NORTH VANCOUVER, British Columbia A captive grizzly bear killed a timber wolf in a struggle over a bone in front of about 25 spectators at the Grouse Mountain Refuge for Endangered Wildlife, the refuge director says.
The wolf, one of four captive-born grey wolves that were rejected for use in the movie industry, had found a bone in the five-acre enclosure they had shared for a week with two orphaned 4-year-old male grizzlies, said Ken Macquisten, managing director and veterinarian at the Grouse Mountain Refuge for Endangered Wildlife.
One of the grizzlies, 650-pound Grinder, tried to take the bone away, and when the wolf resisted, the bear struck him.
"The other wolves tried to chase Grinder off," Macquisten said, "but he bit the fallen wolf in the neck and killed him. The whole thing probably took about 15 seconds."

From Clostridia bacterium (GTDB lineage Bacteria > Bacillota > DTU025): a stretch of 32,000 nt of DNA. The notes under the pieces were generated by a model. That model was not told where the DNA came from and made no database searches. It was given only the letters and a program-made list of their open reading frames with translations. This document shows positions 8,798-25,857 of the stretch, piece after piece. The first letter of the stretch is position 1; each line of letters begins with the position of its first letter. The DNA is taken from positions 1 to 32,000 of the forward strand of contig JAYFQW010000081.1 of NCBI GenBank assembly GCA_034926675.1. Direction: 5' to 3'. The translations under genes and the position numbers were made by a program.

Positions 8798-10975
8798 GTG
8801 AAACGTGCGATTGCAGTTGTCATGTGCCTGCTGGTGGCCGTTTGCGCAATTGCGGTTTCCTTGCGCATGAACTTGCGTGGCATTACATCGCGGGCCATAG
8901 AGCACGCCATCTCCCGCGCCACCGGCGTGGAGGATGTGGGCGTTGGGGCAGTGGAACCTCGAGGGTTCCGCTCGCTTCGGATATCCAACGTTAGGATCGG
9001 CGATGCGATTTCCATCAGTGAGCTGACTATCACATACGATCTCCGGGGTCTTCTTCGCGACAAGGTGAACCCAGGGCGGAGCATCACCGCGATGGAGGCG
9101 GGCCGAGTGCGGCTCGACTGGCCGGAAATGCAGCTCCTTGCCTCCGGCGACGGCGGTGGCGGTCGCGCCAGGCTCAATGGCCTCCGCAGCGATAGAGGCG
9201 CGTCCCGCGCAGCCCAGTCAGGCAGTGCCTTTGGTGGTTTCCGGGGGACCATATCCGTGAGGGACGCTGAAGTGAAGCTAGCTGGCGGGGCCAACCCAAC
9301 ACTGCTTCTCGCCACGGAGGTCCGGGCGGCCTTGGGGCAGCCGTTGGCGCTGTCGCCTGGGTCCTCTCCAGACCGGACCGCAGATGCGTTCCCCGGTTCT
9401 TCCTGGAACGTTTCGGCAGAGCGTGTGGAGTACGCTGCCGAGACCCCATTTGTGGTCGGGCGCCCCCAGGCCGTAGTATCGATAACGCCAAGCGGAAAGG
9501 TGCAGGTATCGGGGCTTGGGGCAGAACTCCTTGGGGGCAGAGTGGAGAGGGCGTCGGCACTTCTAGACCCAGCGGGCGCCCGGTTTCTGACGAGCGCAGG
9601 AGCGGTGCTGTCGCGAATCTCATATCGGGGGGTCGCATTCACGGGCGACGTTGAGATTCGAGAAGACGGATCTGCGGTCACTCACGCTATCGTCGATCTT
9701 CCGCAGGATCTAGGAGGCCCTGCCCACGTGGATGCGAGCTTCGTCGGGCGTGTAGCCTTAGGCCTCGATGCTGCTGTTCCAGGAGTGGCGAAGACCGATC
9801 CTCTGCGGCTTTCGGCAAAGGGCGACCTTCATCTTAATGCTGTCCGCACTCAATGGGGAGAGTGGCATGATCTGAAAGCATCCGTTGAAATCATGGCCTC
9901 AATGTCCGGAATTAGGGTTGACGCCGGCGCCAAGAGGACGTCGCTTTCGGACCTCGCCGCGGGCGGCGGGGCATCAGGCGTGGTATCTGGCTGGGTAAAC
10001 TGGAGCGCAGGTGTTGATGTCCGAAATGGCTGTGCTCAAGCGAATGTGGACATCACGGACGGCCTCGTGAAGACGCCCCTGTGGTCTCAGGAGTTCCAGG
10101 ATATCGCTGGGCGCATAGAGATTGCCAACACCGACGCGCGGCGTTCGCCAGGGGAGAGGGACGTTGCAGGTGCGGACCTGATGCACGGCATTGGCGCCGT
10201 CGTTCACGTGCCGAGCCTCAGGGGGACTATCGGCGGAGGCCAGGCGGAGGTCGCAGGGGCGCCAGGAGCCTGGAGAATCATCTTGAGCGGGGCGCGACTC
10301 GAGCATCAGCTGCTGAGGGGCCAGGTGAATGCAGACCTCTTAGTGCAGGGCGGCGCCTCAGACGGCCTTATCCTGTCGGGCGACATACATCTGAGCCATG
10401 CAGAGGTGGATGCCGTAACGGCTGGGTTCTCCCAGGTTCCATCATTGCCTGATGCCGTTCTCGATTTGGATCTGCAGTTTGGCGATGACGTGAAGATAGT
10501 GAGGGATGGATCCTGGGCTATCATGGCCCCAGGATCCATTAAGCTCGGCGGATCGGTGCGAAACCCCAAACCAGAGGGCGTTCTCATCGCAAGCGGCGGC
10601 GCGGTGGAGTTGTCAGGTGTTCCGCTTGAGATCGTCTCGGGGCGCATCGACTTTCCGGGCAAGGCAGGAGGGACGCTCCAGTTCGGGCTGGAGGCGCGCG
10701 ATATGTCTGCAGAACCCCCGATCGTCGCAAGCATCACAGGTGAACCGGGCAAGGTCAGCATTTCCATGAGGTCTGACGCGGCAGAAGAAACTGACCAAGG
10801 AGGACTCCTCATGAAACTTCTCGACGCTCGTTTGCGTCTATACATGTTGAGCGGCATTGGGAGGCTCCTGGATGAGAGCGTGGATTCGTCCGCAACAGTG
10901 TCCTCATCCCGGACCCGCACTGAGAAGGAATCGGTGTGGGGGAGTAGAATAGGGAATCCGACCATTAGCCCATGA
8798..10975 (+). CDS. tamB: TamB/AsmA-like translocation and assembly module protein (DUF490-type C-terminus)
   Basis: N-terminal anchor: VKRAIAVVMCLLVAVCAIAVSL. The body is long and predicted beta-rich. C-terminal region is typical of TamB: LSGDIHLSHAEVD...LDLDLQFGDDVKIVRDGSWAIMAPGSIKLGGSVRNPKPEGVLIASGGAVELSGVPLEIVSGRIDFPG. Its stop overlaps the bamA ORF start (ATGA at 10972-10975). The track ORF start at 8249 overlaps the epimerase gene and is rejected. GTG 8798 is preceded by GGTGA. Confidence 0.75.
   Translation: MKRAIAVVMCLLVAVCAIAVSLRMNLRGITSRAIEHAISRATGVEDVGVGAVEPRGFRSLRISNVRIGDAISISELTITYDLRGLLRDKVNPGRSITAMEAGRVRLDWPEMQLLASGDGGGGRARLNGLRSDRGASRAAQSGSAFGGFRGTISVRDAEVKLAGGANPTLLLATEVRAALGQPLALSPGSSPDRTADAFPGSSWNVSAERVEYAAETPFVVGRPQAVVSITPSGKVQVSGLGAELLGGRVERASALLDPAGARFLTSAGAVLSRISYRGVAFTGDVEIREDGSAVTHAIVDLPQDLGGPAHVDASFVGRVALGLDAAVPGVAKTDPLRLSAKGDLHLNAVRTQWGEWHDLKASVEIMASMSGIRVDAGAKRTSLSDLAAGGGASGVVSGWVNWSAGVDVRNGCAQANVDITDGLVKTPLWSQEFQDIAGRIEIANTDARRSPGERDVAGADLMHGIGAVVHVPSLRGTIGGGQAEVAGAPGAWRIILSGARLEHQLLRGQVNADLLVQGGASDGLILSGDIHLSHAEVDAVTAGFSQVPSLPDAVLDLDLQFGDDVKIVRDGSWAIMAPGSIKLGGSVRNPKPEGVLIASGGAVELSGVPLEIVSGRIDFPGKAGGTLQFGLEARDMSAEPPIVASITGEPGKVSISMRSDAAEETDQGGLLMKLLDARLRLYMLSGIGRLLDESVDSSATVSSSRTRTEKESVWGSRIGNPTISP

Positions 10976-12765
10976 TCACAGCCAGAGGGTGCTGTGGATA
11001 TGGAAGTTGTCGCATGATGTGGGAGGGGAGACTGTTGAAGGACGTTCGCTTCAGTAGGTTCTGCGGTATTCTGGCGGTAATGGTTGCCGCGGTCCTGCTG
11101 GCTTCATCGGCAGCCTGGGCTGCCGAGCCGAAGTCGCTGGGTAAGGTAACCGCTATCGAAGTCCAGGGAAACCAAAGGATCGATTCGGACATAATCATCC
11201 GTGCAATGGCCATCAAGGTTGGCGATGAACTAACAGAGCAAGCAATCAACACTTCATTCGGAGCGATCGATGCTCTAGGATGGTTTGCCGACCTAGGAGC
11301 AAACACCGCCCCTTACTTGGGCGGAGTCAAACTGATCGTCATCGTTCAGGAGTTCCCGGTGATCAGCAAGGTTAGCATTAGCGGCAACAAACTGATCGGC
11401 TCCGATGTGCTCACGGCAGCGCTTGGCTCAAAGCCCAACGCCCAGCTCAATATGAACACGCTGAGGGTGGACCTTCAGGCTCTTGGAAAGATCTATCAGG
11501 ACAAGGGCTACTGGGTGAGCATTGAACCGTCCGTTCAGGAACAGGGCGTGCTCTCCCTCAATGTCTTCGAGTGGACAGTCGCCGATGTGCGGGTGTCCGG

Macquisten had placed the wolves and bears in the same enclosure 10 days ago, hoping they would provide stimulation for each other. They previously occupied separate but adjacent enclosures.
"One of the biggest challenges of caring for captive bears and wolves is boredom," Macquisten said.
"In the woods, they need their wits to survive. So what provides interest is the presence of another species they can't quite figure out, but are constantly trying to."
He said wolves and European brown bears have been kept successfully in German and Swedish zoos for years.